Caister-On-Sea – The Hidden History of a Roman Town

Caister-On-Sea - The Hidden History of a Roman Town

Today Caister-On-Sea is a quiet seaside town, a home for many, and a pleasant holiday retreat for others. Yet the Roman ruins which lie at the edge of town remind us that things weren’t always this way. The Roman ruins of Caister are a visible reminder that this small, English seaside town, was once at the forefront of the struggle for survival between the Roman Empire and the marauding Saxon hordes. 

Caister-On-Sea derives its name from these ancient military roots. The latin term ‘castra’ means fortress, which, in the mouths of our ancestors, who brought with them their own languages and dialects, morphed over the years into ‘Caister’.

The Roman Fort which gives the town its name was built in the third century AD, probably between the years 225 and 285. It was part of a wider network of defences referred to as Saxon Shore forts. These were built across the south east of England, and were designed to protect against the Saxon raids which increased in intensity around this time. Caister locals and visitors to the inland fort will be surprised to learn that it was originally situated on an island in the confluence of the rivers Waveney, Yare, Ant, and Bure. Over many hundreds of years the estuary silted up, leaving the former ‘shore fort’ stranded firmly inland.

The original fort was about 3.5 hectares in size and square in shape. This makes Caister a significant, and larger than average, Roman fort. In its heyday it played host to a large garrison of sailors, infantry and cavalry, consisting of between 500-1000 men. There were at least seven rooms on the site, with a courtyard, and underfloor heating system. The fragments found in later excavations suggest that the interior would have decorated.

The function of the site appears to have changed over time. In the third and fourth centuries, domestic and industrial activities were carried out here. During this period a fire ravaged the site. A domestic accident, or a devastating raid from the invaders the fort had been designed to protect against?

With the collapse of the Roman Empire in the fifth century, the fort was abandoned. For over a hundred years the site remained in disuse, before being reoccupied, ironically, by the Saxons who had now settled in Eastern England. Subsequent excavations suggest that the Saxon occupants may have come from the elite, possibly monastic, section of Saxon society.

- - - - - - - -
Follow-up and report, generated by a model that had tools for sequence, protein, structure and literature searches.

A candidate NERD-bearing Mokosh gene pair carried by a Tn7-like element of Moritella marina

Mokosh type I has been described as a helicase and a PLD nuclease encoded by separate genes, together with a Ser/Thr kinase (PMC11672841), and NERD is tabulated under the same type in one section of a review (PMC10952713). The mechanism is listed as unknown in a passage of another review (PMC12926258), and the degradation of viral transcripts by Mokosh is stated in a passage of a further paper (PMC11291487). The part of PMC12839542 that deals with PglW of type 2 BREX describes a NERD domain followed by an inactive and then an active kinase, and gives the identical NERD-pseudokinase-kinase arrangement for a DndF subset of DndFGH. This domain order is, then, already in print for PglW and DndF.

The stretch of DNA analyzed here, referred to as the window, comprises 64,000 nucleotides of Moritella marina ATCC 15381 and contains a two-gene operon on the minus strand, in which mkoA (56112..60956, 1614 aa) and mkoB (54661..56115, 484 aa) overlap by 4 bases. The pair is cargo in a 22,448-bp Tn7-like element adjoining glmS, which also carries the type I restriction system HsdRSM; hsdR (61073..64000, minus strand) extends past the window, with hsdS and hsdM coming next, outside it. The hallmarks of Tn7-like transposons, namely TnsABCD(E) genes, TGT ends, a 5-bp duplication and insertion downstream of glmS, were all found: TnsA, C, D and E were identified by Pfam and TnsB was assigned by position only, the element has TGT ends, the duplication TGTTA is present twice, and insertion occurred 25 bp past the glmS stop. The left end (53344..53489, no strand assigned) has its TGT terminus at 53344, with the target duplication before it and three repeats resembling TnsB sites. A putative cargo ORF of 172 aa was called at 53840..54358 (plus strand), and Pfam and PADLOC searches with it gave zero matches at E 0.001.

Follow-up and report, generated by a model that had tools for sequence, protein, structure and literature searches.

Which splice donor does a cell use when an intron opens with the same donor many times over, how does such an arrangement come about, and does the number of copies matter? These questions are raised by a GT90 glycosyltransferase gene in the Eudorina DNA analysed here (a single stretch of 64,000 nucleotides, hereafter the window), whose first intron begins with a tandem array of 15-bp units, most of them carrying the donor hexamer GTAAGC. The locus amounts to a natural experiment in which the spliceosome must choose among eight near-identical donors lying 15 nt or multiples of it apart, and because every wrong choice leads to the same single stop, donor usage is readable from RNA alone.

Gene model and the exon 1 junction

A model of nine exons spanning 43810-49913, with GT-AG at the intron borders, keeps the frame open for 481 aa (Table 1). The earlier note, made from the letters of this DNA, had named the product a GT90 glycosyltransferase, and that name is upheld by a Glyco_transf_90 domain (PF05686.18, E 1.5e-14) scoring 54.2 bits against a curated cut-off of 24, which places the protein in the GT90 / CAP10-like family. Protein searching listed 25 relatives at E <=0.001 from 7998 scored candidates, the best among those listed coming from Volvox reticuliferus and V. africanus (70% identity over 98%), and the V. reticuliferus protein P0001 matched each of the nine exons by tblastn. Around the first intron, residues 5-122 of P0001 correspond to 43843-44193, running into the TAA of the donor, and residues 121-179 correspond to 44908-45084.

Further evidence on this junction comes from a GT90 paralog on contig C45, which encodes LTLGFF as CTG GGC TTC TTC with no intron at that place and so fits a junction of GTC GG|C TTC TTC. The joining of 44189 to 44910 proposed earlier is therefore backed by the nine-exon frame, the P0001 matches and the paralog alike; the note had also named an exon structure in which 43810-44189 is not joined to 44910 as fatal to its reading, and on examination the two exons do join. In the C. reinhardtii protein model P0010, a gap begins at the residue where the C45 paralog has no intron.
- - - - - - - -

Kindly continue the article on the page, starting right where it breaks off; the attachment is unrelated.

It is not known at which point the fort was abandoned entirely. More than likely, it gradually failed to serve any purpose for the Saxon and later Norman community of Caister. In such cases, locals would probably have stripped the fort of anything valuable, including the physical structure itself which could be repurposed elsewhere (such was the fate of the Coliseum, and many other Roman buildings across the world, large and small).

We do know that the one of the walls of the fort still stood above ground in the early 17th century, though it had been demolished entirely by the 18th. Thus the former fort remained until the archaeological excavation of 1951, which began to tease out the history of the site. Many important objects were uncovered, including a carved figure of the Roman God Mercury and bronze plaques. Elsewhere, rings, bracelets and hairpins were excavated, suggesting that women and children lived within the fort at some point.

Today, the ruins of the Roman fort of Caister are managed by English Heritage, and are open for free to the public all year round.

[Photo credit: little minx 1]